A: Transforming a tent into a functional and comfortable home created many opportunities for design strategizing and problem solving. Originally, the tent had only a zippered flap as a door and no windows. We replaced the canvas walls on either end using open-stud single wall construction covered with plywood and salvaged redwood, creating an entryway with a hinged screen door and four large windows for light. The structural frame of the tent was intentionally left visible through the canvas as a reminder of its provenance, as well as a design element. Another design challenge was to build a sturdy floor without a foundation or cement slab underneath. My husband created a subfloor with discarded wood pallets, plentiful in Hawaii from use in the shipping industry, then covered it with plywood. Inspired by the polished cement floor aesthetic, we painted the floor a slate gray. Several large sisal and jute area rugs, along with a wool rug from Morocco, soften the floor space and help define the seating areas.

Q: What are your favorite features of the project?
A: My favorite feature is the 20-foot soaring height of our tent’s ceiling and the large screened windows that provide wonderful light and air flow. The expansive white walls and neutral palette give the living room a Scandi-modern simplicity while the layered eclectic mix of vintage textiles and artifacts from global travels add not only texture and narrative but also a Bohemian accent reminiscent of my childhood. I enjoy bringing the outdoors inside and regularly fill an assortment of vessels with single clippings of foliage that grow in abundance on our farm.

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Above: “A pair of rattan club chairs, placed atop a Moroccan wool rug, create a welcoming place to sit and read a book.”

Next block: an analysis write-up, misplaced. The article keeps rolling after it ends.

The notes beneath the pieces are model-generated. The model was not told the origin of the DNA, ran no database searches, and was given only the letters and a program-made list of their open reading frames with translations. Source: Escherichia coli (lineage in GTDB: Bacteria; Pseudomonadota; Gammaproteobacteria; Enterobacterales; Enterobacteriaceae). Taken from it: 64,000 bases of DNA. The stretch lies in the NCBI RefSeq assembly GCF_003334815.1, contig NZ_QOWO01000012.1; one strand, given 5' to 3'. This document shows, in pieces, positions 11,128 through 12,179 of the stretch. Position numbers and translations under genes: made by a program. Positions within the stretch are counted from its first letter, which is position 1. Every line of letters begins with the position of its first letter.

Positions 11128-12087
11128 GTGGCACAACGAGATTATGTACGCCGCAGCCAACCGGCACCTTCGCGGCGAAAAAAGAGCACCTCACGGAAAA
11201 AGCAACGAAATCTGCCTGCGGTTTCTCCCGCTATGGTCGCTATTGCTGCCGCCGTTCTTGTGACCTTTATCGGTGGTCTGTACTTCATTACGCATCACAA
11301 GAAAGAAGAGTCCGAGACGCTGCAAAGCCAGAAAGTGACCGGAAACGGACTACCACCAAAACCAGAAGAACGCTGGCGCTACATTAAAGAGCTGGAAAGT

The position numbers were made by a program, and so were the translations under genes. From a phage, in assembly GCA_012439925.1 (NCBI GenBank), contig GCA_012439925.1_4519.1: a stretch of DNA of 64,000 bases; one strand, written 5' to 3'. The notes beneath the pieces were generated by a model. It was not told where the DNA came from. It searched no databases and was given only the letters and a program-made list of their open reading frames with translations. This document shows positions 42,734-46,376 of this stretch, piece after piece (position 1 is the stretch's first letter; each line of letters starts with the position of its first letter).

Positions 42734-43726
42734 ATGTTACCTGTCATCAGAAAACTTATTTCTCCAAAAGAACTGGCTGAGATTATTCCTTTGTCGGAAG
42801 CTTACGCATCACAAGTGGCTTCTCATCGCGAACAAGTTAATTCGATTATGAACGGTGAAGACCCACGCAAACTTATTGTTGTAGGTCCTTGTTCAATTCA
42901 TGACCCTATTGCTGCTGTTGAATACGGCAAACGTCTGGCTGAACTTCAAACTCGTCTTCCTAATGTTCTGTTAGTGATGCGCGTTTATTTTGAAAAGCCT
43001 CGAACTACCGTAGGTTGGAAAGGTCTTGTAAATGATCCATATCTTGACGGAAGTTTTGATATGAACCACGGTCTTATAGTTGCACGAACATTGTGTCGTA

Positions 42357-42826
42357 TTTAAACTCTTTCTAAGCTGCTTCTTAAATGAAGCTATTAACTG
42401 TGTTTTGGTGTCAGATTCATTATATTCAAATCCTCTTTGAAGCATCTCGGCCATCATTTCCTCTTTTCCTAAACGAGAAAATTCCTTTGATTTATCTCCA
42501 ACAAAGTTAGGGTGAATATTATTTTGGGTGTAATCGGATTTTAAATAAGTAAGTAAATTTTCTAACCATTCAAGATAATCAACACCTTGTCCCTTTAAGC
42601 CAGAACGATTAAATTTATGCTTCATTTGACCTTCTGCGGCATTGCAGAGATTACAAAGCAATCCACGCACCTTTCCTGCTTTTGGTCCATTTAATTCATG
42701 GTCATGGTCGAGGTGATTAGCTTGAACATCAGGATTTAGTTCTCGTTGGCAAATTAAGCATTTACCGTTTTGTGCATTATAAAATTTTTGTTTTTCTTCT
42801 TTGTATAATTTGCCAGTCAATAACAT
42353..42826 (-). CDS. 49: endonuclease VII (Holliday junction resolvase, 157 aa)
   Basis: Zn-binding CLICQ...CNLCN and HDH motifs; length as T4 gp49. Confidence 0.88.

Q: What were the hardest lessons you learned along the way?
A: To be resourceful and patient. To think outside of the box and do more with less. I also had to find creative solutions to meet some of the challenges of living in the tropics like the moisture and bugs. One of our first projects was to build a screened “pie safe” pantry in the kitchen to keep out food foragers. I would encourage someone else undertaking a similar project to have dreams and make plans, but be flexible and let your project unfold organically. Be open to possibilities. Welcome mistakes and learn from them. Let simple, found, and readily available materials inform design decisions.

Q: What is your day job?
A: For over a decade I have worked as a global buyer, marketer, sales associate, and design assistant at Jeanne Marie Imports, the Big Island’s premier design center. The 7,000-square-foot showroom offers one-of-a-kind artifacts and furnishings, hand-selected from 18 Indonesian islands and Morocco. I have also gained invaluable experience assisting in furniture design and creation, working closely with artisans, fabricators, and vendors in Indonesia to create custom designs for our clients.

Q: What is your best secret design source?
A: Living on an island in a fairly remote area has limited my design sources to mostly Craigslist, yard sales, eBay, and Habitat for Humanity. As a buyer at JMI, it has been an incredible perk to be able to source objects for my own home on frequent buying trips to Bali and Morocco. My family’s yearly trips to the San Francisco Bay Area and LA to visit extended family always include discovering new design resources and design inspiration. But my favorite secret design source is my mother, who is Bay Area collage artist and collector Nan Howe. She shares my aesthetic and she regularly shops for me at the Alameda Antiques Faire, the Rose Bowl Flea Market, and upstate New York auctions. I also covet a collection of her original art.

Q: What is your favorite local shop?
A: In addition to Jeanne Marie Imports, my favorite local shop is definitely my husband’s workshop. It’s my favorite place to hang and talk design! We love to collaborate on projects and he can make anything I design out of his supply of readily stockpiled salvaged building materials. I am so excited to share that we have just launched The Castillo Collective, which will be an ongoing platform to document our latest design projects together.

Q: Where do you get your design inspiration?
A: Travel, Instagram, Pinterest, design sites and design blogs like Dwell, Apartment Therapy, and of course my favorite, Remodelista! I have been a devoted reader since the beginning.